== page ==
Take it as your Torch: An Advocate Embraces his Unique Experience

Everybody has their dark days, and for fibrous dysplasia, McCune-Albright Syndrome (FD/MAS) patients, those days can be shrouded in excruciating pain and the isolation of dealing with a rare disease. Canadian Author Jonathan Birdsall has taken those dark feelings and turned them into art. Jon recently published a novel, The Cripples Game and has a short story coming out in early April. Due to his FD/MAS, Jon is blind and relies on a walker, and he channels these experiences into his stories. “Through my writing I try to dispel the stereotypes of illness and disability that I experience personally.” Jon’s writing career has recently taken off, but he’s acted as a rare disease advocate for a long time.

From a very early age, Jon was comfortable teaching others about MAS. He was diagnosed with FD and MAS at the age of 6, when he broke his femur during what was otherwise a minor tumble. By age 8, he had lost his eyesight. “Honestly, none of this bothered me as a kid. It was just normal life” Jon says. His mother was a teacher and she encouraged him to share his experiences others. “Those early presentations to my class really helped me love stories, and feel comfortable sharing my perspective.”

Although Jon learned to live with his limited abilities, he still struggled with accepting life with FD/MAS.

“It was especially difficult when I was a teenager. At that point, I wasn’t able to walk as well, and I had a lot of depression and anger.” Being blind did not stop Jon from noticing that people treated him differently and made assumptions about him based on his appearance. “People see me as a disabled person, not as a person who just happens to have a disability,” says Jon.

In writing, Jon found a way to make his frustration productive. He even says that his bone pain can occasionally fuel him to be more creative. “It’s the fire that pushes me to write something dark,” he explains. His stories are often set in ancient times, but they address social issues of today. In the Cripples Game, people constantly dismiss the main character because of his disability and the book addresses that shortsightedness. His writing can also be quite funny, often joking about otherwise taboo subjects. “Humor is a big weapon for dealing with the stress of chronic illness.” explains Jon, “I want to make people laugh and feel a little uncomfortable. It makes them think about their assumptions and the more they think, the more they’ll talk and reconsider.”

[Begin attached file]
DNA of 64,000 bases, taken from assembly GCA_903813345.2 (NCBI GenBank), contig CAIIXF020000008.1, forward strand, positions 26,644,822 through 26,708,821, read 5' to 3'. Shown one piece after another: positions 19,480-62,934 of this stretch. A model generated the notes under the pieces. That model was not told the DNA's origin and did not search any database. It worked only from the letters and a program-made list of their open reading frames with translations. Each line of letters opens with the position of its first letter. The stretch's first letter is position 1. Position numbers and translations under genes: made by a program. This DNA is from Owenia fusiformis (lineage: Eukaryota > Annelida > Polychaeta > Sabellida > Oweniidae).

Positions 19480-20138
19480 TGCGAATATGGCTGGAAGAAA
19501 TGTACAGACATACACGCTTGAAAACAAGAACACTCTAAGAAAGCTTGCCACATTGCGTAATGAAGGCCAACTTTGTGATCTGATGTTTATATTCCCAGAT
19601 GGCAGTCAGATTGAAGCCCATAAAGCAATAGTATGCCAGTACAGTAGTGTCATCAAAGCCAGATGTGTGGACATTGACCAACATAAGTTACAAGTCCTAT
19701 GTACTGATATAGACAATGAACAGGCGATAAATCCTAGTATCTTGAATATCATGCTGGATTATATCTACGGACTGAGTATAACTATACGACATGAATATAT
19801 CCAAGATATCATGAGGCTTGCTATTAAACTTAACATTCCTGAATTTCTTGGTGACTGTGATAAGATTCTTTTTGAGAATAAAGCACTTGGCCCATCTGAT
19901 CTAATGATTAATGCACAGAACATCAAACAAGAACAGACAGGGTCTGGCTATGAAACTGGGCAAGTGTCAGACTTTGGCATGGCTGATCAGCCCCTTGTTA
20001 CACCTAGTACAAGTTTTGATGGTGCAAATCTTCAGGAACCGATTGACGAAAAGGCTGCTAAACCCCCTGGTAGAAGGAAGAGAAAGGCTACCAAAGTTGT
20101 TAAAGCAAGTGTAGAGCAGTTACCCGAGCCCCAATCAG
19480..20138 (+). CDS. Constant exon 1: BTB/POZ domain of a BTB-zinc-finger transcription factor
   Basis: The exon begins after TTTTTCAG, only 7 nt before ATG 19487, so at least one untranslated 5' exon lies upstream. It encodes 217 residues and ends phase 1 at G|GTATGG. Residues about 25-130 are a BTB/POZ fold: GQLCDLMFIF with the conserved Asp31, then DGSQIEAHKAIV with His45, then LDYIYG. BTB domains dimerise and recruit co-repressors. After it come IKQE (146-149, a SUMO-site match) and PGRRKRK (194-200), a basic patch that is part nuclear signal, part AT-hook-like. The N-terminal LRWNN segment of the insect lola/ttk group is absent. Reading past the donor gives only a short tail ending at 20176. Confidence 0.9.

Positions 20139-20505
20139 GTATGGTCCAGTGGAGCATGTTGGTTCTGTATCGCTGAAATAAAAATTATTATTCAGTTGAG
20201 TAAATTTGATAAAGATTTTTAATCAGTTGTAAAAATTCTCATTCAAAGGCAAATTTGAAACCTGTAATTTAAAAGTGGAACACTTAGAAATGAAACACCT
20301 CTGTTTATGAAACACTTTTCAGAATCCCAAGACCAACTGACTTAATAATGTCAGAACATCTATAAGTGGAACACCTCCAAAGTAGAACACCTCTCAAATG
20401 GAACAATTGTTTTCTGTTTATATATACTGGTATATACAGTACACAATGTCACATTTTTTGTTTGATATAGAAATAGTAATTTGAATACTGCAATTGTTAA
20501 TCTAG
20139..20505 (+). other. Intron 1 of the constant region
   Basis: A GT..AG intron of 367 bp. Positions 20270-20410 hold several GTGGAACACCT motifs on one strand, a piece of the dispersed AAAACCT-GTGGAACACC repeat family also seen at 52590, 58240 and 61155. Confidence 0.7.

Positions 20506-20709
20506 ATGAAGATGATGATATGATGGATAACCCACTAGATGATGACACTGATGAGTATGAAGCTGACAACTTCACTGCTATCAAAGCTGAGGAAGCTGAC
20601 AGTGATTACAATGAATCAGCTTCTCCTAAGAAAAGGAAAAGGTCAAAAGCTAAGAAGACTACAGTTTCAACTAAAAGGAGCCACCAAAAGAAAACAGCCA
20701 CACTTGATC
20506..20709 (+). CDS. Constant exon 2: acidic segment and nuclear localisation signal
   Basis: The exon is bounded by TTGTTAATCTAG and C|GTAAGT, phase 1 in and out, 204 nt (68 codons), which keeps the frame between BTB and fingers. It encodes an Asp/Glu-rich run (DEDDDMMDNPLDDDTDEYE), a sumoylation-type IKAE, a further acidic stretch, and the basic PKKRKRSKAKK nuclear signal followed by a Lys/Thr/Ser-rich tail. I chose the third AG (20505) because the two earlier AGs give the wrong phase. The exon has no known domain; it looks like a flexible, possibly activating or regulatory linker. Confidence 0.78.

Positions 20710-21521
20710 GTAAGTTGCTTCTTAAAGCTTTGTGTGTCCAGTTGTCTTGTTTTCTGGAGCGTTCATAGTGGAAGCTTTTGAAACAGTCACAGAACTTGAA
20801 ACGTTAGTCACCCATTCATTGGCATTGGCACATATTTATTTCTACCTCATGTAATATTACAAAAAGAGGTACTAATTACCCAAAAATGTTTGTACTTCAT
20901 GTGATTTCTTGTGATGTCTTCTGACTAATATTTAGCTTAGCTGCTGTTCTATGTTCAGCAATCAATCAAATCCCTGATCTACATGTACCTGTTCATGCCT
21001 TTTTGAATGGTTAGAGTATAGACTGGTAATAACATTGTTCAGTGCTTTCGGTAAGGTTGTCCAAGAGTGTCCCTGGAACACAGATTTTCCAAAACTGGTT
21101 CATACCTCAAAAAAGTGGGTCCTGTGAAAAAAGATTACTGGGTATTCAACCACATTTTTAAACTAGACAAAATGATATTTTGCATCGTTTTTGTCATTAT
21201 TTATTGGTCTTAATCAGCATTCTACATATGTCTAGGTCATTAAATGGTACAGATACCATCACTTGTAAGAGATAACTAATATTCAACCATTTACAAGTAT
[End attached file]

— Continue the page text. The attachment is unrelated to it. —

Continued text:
Jon often runs his story ideas by his girlfriend before they make it to print. “She’s been incredibly supportive, and I actually met her because of my MAS,” says Jon. As a first grade teacher, his mother talked about her son’s blindness when her class learned about the five senses. Many years ago, that story really moved one little girl, and she went home and made a picture that Jon could feel so he could appreciate it without sight. The two reconnected online a year ago and she has remained as thoughtful as she was in elementary school. “When I complain about other people’s assumptions, she will tell me, ‘you’re just Jon to me, a person with your own unique set of problems, just like everybody else.’” Jon had never heard someone be so straightforward and supportive like that. “As I’ve gotten older I’ve come to see that I have unique gifts and talents and that FD/MAS makes me who I am.” says Jon.

His next project, a novella, will feature a character with FD/MAS.

“At first I was going to make him the main character and write from his perspective, but I decided against that. My hope is to educate through the protagonist and try to connect with people that may hold some of these stereotypes about disability.” In the novella, the protagonist is tasked with discovering why the world is so negative. Over the course of the story his FD/MAS acquaintance dispels some of the assumptions and misunderstandings that he, and so many other people, maintain.

For his part, Jon is working hard to dispel the negativity that we each face on our own. His optimism and encouragement is a hallmark of his presence in the FD/MAS community and he was recently named the #FDWarrior of the month by FD Warriors Inc.

The FDF hears from patients of all ages who seek reassurance, and these interactions came up in our conversation with Jon. In particular, some of the younger patients write to the foundation out of frustration (one middle-school student asked us to “Find a cure soon,” because his life, “suuucks!”). We asked Jon for his advice to this young man, as a patient who lived through adolescent trials with an MAS diagnosis himself. “I try to remind others that there’s a lot of us out here and you’re not alone. It’s a long road and it can be tough, but it also makes you a unique and special person.” says Jon. Writing and sharing his experience has given Jon the agency to embrace FD/MAS and he encourages others to reach out as well. “Let your experience educate the non-disabled world. Show them that we’re all on the same playing field. Our experience is a unique gift. Take it as your torch.”